If P hovers to the point that you can't even do that, do you have time in your day for reading for the joy of reading? #Classroombookaday by Jillian Heise is a great way to take 5-10 minutes just enjoying books. But you choose your books carefully to match your curriculum (just don't tell the kids that). Then, when you read your curriculum book, you can say, "Hey, do you remember that book we read during story time?" and begin the discussion of the topic with that book. Comparing texts is a standard, right??

Can you build movement into your lessons? Even in my older grades, I have them do hand gestures to connect to facts we learn.

I hope that helps a little and someone with kinder advice comes along.
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Thank you
Old 03-02-2021, 07:34 AM
 
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I appreciate all your advice. I will keep looking into the love and logic program but I like that as well! Thanks for your positivity and support!!!! It means a lot!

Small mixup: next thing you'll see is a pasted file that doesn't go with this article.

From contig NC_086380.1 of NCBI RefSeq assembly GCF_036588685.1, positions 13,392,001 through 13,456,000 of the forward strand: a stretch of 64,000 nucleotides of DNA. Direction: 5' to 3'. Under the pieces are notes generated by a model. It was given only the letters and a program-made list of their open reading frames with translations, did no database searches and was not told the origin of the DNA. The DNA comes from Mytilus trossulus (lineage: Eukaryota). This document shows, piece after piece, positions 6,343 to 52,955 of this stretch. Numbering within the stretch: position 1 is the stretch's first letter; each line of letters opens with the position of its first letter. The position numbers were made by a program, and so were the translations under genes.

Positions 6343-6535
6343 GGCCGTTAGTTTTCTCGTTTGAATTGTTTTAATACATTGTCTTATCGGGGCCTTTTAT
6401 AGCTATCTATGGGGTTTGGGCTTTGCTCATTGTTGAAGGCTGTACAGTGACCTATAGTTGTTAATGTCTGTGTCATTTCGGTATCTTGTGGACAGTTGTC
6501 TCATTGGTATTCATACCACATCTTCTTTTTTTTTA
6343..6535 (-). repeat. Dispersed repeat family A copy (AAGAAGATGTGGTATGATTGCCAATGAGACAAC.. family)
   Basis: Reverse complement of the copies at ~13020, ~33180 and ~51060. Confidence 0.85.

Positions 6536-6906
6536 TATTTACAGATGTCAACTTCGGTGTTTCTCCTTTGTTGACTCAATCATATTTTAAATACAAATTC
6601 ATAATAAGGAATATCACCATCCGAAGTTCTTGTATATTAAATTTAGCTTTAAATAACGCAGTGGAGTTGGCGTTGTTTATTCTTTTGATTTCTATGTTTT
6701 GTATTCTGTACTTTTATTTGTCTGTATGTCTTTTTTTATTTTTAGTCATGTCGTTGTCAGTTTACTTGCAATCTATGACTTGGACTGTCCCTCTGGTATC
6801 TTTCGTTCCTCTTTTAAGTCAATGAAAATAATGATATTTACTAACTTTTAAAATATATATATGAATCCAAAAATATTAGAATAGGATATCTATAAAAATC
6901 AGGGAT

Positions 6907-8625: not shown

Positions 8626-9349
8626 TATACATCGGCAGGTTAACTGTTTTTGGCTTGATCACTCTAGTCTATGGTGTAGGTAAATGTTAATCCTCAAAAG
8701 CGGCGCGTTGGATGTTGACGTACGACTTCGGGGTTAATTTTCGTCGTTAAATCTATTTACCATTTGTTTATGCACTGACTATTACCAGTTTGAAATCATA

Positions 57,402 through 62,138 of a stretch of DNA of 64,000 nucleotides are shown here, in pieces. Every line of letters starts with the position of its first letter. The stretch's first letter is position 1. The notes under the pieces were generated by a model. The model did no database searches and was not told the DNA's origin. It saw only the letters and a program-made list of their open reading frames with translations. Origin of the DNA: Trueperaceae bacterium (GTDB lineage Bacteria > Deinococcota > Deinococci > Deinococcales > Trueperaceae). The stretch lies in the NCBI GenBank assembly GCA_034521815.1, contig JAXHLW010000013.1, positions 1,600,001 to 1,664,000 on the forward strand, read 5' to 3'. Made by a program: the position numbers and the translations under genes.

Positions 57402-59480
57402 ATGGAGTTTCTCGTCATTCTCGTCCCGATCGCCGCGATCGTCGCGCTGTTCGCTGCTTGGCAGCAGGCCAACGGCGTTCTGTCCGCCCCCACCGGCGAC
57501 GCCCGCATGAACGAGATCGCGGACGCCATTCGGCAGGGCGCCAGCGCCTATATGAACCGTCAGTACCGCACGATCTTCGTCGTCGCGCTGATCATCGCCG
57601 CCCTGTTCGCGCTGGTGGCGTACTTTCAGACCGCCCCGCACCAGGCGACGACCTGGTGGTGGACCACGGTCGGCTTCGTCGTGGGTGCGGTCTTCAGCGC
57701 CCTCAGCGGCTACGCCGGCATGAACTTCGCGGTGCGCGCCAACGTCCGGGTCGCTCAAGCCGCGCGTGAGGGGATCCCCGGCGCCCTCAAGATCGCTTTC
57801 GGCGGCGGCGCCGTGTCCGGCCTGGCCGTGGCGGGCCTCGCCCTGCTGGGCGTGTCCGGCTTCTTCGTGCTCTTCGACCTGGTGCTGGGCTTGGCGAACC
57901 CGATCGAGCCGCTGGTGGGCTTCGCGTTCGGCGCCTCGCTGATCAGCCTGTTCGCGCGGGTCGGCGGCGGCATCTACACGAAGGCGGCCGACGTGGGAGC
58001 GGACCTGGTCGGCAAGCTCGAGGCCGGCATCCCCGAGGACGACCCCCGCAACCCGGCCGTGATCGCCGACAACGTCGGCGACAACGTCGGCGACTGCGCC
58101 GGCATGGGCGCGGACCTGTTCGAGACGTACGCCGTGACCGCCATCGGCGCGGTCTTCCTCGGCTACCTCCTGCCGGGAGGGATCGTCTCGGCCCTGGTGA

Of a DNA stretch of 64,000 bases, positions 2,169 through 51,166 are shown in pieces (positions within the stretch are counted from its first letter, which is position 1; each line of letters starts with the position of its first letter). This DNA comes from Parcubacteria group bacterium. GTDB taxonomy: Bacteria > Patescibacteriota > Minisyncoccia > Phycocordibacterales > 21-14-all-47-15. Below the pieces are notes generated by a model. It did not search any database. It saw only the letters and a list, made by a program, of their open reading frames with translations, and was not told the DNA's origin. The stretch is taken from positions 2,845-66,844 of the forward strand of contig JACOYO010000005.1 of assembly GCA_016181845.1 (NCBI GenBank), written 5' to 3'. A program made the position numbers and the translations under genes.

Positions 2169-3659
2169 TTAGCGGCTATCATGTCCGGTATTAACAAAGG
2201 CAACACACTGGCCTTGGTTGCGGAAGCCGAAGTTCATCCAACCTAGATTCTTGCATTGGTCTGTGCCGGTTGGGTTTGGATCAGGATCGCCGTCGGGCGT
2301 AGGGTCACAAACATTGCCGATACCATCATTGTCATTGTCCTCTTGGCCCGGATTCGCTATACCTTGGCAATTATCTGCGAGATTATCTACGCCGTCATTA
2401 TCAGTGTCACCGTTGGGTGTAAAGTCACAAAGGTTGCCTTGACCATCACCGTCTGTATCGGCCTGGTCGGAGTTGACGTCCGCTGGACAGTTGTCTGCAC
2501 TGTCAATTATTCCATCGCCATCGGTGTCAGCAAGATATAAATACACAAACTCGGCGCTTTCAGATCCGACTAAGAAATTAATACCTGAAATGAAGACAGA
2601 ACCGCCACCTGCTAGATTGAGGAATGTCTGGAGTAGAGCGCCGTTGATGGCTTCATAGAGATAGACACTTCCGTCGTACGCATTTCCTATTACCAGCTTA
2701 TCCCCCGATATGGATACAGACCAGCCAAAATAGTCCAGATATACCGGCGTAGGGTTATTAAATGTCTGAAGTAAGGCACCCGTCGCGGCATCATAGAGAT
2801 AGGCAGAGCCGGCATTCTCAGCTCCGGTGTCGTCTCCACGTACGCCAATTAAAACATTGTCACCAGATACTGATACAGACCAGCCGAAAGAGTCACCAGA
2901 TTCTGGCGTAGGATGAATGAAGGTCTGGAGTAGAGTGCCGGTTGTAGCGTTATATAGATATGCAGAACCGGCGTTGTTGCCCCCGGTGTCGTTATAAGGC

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kindergarten
Old 03-06-2021, 11:39 AM
 
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From your post it appears that you are in the classroom, not doing online teaching.

I am really sorry that you are in such a difficult situation. Know that many/most new teachers go through this too.

My first three years of teaching were spent in kindergarten, when K was still half day, and before K became the new first grade. I had a morning K and an afternoon K with 25 students in each. What saved me the first year was my incredibly helpful team partner who was able to model dealing with children who had challenging behaviors.

Are you the only K teacher? Would you be able to talk to another K teacher in your building or perhaps in other buildings? It appears that your coach is not supportive at all. This should be addressed, but I understand how difficult that would be for a newbie teacher. Document every time you request assistance and the (lack of) response. I learned long ago that CYA is important when you deal with situations like this.

Gromit already gave you some great advice, especially in making it through the next three or four months.